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North Korea's 'election' records 99.97% turnout

SEOUL--North Korea confirmed Tuesday a near-perfect turnout for its parliamentary “election” in which single candidates — approved by the political elite — stood uncontested in 687 constituencies across the country.

“According to the election returns available, 99.97 percent of all the voters registered ... took part in the election,” the North's official KCNA news agency said.

Of the votes cast on Sunday, “100 percent” were for the unopposed candidates, a fact KCNA said demonstrated “the absolute support and trust of all voters” for the government.

The wholly stage-managed election for the North's rubber-stamp Supreme People's Assembly (SPA) included a win for paramount leader Kim Jong Un, who notably managed a perfect turnout in his own constituency.

The parliamentary poll is held every five years and turnout this time was actually slightly down on 2009, when 99.98 percent cast their ballots.

Each constituency had only one state-sanctioned candidate and voters were only allowed to mark “yes” on a ballot sheet in a closely monitored polling booth.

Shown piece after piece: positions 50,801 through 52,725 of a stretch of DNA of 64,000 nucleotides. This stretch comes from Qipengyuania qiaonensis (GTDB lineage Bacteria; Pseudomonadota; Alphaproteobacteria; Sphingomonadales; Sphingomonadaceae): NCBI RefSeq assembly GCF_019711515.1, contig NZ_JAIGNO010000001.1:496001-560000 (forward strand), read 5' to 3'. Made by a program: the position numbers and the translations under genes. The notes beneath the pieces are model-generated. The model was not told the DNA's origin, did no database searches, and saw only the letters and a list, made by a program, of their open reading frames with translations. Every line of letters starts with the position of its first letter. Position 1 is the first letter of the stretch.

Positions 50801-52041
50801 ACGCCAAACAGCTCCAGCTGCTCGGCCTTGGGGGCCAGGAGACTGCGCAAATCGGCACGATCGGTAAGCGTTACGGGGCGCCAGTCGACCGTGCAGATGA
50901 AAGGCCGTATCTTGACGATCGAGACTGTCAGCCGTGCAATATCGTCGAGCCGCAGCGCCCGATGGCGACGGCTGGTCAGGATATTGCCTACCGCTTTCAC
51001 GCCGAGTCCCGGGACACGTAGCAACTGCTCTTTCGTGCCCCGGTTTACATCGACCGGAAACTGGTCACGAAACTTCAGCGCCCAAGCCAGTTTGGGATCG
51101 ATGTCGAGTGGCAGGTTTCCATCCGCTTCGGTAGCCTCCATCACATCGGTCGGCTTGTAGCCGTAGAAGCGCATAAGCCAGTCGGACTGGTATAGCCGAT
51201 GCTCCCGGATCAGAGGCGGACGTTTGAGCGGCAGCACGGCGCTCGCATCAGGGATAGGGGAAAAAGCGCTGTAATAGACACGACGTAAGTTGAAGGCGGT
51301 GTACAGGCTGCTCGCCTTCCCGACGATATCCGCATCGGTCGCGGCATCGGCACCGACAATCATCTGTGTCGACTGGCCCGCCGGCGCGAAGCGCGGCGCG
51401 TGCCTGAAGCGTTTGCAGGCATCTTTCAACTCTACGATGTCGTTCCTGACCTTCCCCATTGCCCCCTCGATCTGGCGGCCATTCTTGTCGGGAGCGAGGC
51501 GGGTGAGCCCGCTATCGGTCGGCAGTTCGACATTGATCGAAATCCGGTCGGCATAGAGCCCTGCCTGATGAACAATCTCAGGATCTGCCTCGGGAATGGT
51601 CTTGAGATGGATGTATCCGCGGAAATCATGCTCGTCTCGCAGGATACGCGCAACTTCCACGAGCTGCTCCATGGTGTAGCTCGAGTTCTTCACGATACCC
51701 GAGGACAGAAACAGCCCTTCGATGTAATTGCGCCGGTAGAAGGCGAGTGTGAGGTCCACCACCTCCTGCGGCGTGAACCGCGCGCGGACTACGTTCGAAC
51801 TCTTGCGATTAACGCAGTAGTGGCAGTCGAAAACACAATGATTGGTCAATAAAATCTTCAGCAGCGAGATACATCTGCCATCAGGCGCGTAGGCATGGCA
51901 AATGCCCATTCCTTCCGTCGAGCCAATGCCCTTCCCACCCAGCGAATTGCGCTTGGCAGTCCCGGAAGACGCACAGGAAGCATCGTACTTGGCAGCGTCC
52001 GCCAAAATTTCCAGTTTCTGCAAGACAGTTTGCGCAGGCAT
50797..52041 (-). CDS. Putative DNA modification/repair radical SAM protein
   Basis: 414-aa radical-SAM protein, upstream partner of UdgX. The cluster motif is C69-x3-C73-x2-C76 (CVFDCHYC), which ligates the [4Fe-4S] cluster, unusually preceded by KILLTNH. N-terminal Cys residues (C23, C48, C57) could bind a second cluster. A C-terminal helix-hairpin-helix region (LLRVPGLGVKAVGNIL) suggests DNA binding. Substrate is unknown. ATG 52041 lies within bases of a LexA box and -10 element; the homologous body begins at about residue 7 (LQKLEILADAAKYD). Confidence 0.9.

Many top Korean officials are members of the parliament, and the election is an opportunity to see if any established names are absent.

An initial count by South Korea's Yonhap news agency suggested that more than half of the assembly will comprise first-time deputies, but analysts said there were no great surprises among the changes.

Kim Jong Un's powerful aunt, Kim Kyong Hui, was on the list of elected candidates published by KCNA on Tuesday, suggesting she had survived the purge and shock execution in December of her husband, Jang Song Thaek.

The purge extended to Jang's family members and close associates, some of whom were absent from the new parliamentary roll call.

But the names of most top-level officials were listed, suggesting that “the number of Jang's associates in the upper leadership may not have been as large as previously thought,” said Cheong Seong-chang, an analyst at the Sejong Institute in Seoul.

Other high-profile names included Vice Marshall Choe Ryong Hae, the vice chairman of the party's central military commission.

Seen as the number two in the leadership after Kim Jong Un, Choe had disappeared from public view for several weeks in February, leading to speculation that he may have been purged as well.

The current prime minister Pak Pong Ju, spy chief Kim Won Hong, national police chief Choe Pu Il and armed forces minister Jang Jong Nam were also listed.

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